Features

February 2009 Issue

Obesity: A Big Problem

Fat cats are at an elevated risk of several diseases and health conditions. Here's how to determine if your pet needs to diet.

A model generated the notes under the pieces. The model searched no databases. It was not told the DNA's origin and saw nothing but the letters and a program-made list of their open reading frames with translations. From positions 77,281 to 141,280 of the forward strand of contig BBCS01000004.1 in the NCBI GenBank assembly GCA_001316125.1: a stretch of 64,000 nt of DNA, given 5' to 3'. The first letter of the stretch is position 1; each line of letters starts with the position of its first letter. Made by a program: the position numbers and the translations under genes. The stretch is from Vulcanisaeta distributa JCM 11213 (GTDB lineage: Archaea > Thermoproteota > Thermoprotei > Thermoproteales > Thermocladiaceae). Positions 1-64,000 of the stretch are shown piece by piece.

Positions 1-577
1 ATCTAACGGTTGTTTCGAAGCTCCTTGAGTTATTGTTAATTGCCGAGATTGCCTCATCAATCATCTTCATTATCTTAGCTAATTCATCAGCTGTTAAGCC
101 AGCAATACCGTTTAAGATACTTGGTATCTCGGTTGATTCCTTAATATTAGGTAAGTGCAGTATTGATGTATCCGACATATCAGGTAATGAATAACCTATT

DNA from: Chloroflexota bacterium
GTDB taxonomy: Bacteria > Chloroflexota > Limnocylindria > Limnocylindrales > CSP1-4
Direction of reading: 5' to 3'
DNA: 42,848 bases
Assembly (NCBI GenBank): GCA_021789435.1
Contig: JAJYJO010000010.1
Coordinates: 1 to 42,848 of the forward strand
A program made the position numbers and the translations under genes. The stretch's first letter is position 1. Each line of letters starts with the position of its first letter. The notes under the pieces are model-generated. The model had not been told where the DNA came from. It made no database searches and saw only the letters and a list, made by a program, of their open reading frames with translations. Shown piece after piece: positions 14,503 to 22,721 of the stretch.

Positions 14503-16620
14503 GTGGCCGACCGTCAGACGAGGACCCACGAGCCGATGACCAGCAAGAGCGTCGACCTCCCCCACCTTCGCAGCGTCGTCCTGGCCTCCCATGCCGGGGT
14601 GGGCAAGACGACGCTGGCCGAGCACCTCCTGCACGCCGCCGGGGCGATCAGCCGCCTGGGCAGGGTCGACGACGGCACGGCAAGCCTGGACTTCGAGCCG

Feline obesity is a problem among housecats. "As many as 30 to 40 percent of cats are overweight, with 15 to 20 percent falling in the obese range," says Joseph Wakshlag, DVM, PhD, DACVN, assistant professor of clinical nutrition at Cornell University’s College of Veterinary Medicine. Despite public education efforts by the veterinary community, the numbers have not improved over the past decade, which is especially troubling because added weight can have serious health repercussions for cats. An overweight cat is at risk for several diseases, relates Dr. Wakshlag. "Obesity is one of the biggest factors for feline diabetes II," he says, adding that the extra weight carried by heavy cats causes stress on the feline’s joints, which can cause early onset of arthritis. Obese cats are also at heightened risk for feline hepatic lipidosis (FHL), or feline fatty liver syndrome, a liver disease that occurs when fat cells build up in the liver and prevent it from functioning normally. Heavy cats also may have more difficulties grooming themselves, which could cause hygiene and skin issues. Overweight cats may also be at increased risks in surgery.

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